Science Directions

We promote the science of psychology, and we rely on the foundation it provides for the practice of psychology. We generally agree that science is a good thing and that the foundation it provides is a strong one. However, we do not always agree on what to include under the umbrella of true science.

To me, science is the accumulation of knowledge. It is both a process for obtaining that knowledge and a system for organizing it. Most of us point to the scientific method as the process by which scientists acquire new knowledge. This creates some ambiguity because the scientific method is not, in fact, a single well-defined thing. Important elements of the scientific method surely include observation, experimentation, verification and the evaluation of hypotheses. And for many of us, it is important that our hypotheses be falsifiable (with all due credit to Karl Popper). Still, this leaves plenty of room for a diversity of scientific methods.

I doubt that many would disagree with this characterization of science. Tempers start to flare, however, when we get down to the naming of specific scientific methods. There are some among us who will argue that the only true scientific method is the experimental method--random assignment, independent variables, control groups and carefully obtained outcome measures. Quasi-experiments, natural experiments, mere observations and qualitative investigations are castigated as second- or even third-class methods. The scientific gold standard, according to this view, is the true experiment. Anything else is less.

We see an extension of this view when it comes to the evaluation of clinical interventions. The kind of evidence that some scientists demand before placing any confidence in the efficacy of an intervention is the randomized controlled trial (RCT). It is true that well-designed RCTs provide incredibly good knowledge, and the accompanying ability to assess causal relationships can be critical. This does not mean, however, that evidence obtained by any other method is totally irrelevant or less valuable.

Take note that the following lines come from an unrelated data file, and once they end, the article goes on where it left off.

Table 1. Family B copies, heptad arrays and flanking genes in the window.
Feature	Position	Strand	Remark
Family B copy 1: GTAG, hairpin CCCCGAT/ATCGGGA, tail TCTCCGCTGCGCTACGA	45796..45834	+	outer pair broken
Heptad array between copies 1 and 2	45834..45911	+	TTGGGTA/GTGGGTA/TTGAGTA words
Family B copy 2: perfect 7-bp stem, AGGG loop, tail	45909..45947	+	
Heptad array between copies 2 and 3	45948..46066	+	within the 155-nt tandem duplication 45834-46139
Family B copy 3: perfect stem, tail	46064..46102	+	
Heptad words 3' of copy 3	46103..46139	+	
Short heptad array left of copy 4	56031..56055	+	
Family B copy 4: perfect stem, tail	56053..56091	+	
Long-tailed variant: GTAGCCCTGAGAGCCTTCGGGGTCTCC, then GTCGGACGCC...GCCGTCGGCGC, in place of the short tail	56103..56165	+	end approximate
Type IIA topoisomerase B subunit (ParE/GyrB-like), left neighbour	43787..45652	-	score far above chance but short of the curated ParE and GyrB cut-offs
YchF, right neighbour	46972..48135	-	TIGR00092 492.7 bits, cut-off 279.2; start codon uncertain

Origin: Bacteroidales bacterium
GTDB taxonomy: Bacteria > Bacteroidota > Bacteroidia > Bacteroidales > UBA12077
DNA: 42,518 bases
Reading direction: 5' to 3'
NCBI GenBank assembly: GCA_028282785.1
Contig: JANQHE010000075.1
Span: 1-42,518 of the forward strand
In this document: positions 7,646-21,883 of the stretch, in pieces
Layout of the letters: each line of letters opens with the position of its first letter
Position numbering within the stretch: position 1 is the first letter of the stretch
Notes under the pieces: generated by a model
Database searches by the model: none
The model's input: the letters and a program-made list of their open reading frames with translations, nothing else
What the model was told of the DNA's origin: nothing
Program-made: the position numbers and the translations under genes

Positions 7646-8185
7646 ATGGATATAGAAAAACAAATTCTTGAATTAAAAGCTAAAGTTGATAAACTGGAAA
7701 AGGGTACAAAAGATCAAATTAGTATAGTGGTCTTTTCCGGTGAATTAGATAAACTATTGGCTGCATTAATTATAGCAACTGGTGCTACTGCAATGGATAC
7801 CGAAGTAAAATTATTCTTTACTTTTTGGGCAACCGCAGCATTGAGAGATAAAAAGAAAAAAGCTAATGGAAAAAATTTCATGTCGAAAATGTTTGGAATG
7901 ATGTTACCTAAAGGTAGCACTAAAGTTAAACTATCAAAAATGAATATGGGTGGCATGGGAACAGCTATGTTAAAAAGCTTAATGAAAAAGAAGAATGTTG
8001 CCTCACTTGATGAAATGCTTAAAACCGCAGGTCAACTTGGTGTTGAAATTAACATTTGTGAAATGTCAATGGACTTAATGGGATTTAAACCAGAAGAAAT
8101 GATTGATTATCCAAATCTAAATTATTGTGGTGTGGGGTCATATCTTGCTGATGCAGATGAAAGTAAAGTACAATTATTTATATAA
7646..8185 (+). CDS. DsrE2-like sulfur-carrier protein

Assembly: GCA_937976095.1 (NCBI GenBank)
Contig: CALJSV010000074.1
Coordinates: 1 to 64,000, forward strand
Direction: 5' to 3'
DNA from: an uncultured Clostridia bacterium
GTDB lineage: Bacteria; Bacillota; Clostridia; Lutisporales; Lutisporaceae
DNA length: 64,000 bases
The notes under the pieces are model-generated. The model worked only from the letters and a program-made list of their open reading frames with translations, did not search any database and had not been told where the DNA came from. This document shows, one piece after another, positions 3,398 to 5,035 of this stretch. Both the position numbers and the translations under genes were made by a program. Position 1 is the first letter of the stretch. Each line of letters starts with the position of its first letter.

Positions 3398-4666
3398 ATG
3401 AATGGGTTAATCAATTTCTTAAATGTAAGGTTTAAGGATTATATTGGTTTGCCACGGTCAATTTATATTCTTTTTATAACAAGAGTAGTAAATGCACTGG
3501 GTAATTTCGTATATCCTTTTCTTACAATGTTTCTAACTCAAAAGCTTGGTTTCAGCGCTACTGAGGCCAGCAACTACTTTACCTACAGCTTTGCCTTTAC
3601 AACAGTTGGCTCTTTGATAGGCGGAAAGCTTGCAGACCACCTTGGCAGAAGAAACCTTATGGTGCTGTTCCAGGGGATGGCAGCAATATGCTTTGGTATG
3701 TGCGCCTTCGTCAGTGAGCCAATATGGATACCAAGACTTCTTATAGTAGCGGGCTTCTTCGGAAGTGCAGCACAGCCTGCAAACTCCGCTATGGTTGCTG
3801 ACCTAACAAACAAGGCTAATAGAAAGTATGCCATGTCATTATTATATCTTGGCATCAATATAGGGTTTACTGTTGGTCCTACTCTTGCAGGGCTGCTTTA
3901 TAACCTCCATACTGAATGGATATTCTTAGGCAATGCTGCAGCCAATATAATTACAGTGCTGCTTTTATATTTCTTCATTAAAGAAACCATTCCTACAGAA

What other methods?

Many of the greatest discoveries and advances in the history of science have not been the result of true experiments. Indeed, entire scientific disciplines have thrived and generated new knowledge on the basis of observational methods and instrumentation, not on experimentation. Consider the new knowledge gained from the invention of the microscope or the telescope. Begin to ponder the knowledge already gained and yet to be mined from the mapping of plant and animal genomes. These traditions of science have been enormously generative of new knowledge based on advances in measurement, instrumentation, observation and data analysis and management.

I think psychology can learn an important lesson by studying how other fields of science prioritize their efforts and invest their resources. For example, psychology can benefit by paying more attention to its infrastructure--to such things as instrumentation, measurement, data archiving and data sharing. Increasing our investment in instrumentation and measurement technologies will ultimately create new and better opportunities for experimentation. Learning how to better archive and share our data will preserve our work for the future and maximize the true value of those data. The true experiment is important--but it is clearly only one piece of the scientific enterprise.

Respecting diverse approaches to science

The backbone of scientific psychology--experimental psychology, social psychology, developmental psychology, behavioral neuroscience, comparative psychology--is what many identify exclusively with science. It is not merely coincidence that these subfields are most closely identified with the true experiment. I think for many of us, true experiments equal true science. The unfortunate (and incorrect) inference is that true science derives only from true experiments.

Our scientific enterprise depends on much more than that. Psychology is a rich and productive science because it includes a diversity of approaches--not just experimental methods, but also observational methods, analyses of covariance, measurement technologies, quasi-experiments, modeling and simulations. Much of the science done in the name of psychology draws from the nonexperimental approaches. It is still science--it is the accumulation of knowledge, and it still provides important insight.

There exists a certain elitism among those who identify with the true experimental method. It is a good method, and we have good reason to celebrate it. But it is not the only scientific method, and sometimes it is not even the best scientific method. As a discipline, our greatest advances will only come when we learn to recognize and appreciate the value of the many scientific methods of psychology.